Books on Our Relationship to Earth, Spirituality and Faith

This page lists books on our relationship to earth, spirituality and faith I believe are worth reading.  They are listed alphabetically by author or editor.  I also include a very, very brief description of the book.  Please feel free to share with me your favorite titles.

Cohen, Michael P;  "The Pathless Way:  John Muir and American Wilderness", University Wisconsin Press, 1984.

What I find intriguing is Cohen's (no relation) objective to document the spiritual aspect of Muir's writing.  He writes, "I was interested in his thinking while in the mountains...what kind of philosophical questions he asked..I was interested in his ethics.

 

Dina, James; "The Voyage of the Ant", published by Stackpole Books, 1989. 

"A true story of ingenuity and perseverance ... of building a birchbark canoe with stone tools and paddling up the Connecticut River".

 

Roderick Nash; "Wilderness and the American Mind", published by Yale University Press, 1967. 

A true classic.  Nash's book is a tour de force in the philosophical and psychological implications of wild, uncultivated land. 

 

Will Hobbs, "Far North", is a delightful book heavily inspired by R.M. Patterson's "Dangerous River" (see next book reviewed).

In Far North two teenage boys, a Texan and a Dene, struggle for survival in the wilderness along the South Nahanni River after the destruction of their float plane.

John Lionberger's "Renewal in the Wilderness", pub. by Skylights Paths, Woodstock VT 1997.

This book is a perfect description of the mission of Burning Bush Adventures!  John exquisitely describes his personal transformative experience on an Outward Bound course and why I started BBA while in rabbinical school.  (Not surprising to me, his awakening occurred while he was a student at the same school where I started my OB career).  Building on his experience, he recounts how he changed careers to create a ministry devoted to helping clergy reconnect spiritual with God through wilderness encounters.  Bill Mckibben descsribes this book best:  "if you've been wondering how to find God, here's a topo map".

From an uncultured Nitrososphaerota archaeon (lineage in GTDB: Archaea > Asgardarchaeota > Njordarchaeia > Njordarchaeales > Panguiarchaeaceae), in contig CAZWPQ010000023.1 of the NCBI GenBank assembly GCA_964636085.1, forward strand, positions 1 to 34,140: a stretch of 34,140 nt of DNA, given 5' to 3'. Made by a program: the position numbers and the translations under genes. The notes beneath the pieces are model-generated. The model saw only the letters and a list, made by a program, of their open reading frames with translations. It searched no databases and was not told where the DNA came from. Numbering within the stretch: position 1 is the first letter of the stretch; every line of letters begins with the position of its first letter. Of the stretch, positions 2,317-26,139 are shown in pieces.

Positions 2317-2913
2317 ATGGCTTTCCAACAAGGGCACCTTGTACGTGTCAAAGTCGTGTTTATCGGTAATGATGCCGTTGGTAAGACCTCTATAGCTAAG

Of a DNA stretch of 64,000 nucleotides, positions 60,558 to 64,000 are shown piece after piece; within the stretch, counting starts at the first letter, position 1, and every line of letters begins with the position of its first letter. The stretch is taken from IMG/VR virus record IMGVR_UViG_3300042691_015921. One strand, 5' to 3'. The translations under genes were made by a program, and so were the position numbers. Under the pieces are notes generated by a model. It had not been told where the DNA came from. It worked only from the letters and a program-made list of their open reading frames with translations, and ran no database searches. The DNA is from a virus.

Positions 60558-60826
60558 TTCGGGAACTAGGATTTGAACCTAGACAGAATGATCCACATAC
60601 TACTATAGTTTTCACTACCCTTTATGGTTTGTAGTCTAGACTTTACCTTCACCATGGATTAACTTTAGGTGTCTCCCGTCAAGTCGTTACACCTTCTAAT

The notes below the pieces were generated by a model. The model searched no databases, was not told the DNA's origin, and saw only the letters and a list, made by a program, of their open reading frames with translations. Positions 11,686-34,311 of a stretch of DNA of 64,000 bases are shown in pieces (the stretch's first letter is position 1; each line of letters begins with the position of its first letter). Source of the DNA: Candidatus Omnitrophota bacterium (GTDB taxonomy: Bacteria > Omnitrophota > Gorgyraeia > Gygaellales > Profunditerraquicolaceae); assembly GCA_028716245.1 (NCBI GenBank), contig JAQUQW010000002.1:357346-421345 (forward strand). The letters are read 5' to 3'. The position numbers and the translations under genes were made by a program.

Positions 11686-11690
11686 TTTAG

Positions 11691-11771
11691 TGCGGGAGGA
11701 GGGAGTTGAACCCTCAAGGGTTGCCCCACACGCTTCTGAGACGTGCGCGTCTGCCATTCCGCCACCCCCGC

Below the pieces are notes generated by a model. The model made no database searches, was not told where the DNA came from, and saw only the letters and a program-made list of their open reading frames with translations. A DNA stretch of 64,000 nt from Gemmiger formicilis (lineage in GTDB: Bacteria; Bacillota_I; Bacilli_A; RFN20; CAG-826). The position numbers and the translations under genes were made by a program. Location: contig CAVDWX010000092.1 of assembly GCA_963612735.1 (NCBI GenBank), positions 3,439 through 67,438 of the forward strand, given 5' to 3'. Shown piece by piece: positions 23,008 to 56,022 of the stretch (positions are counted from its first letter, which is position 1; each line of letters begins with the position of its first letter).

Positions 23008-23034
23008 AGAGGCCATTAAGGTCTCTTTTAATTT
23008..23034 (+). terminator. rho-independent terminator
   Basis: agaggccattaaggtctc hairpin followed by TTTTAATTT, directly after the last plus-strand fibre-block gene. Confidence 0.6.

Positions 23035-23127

Berry, Thomas;  "The Sacred Universe:  Earth, Spirituality, and Religion for the Twenty-First Century", published by Columbia University Press, 2009. 

The book is a collection of what might be considered some of the best of Berry's insightful environmental writing.

 

Comins, Mike; "A Wild Faith:  Jewish Ways into Wilderness, Wilderness Ways into Judaism", published by Jewish Lights, 2007.

Mike Comins shows the reader how Judaism connects to the earth and ways followers of the Jewish path can enrich their spiritual and religious life through various exercises conducted outdoors.

Lane, Belden C; "The Solace of Fierce Landscapes", published by Oxford University Press, 1998.

Lane weaves his personal story of how he coped with his mother's death by seeking out wild places with a thoughtful study of the role of wild places in spiritual formation and in religious history.  I found this book very powerful!

 

Bergon, Frank, editor;  "The Wilderness Reader", published by New American Library, 1980.

A compendium of essays and excerpts from books from a wide range of some of the most well known writers on wilderness, nature and the environment.

R.M. Patterson, "Dangerous River", pub. by Chelsea Green Publishing Company, Post Mills VT 1990.

"Dangerous River" is pure fun.  What I love about it is that it is about nothing more than two men living out their fantasy to spend a year on incredibly wild and beautiful remote river in the Northwest Territories.  The book offers no great insights, no discoveries and nothing philosophical:  "Having, then, made it quite clear to the prospective reader that his mind is in no danger of improvement at my hands....".  But no doubt once you finish it you'll want to go see the South Nahanni for yourself.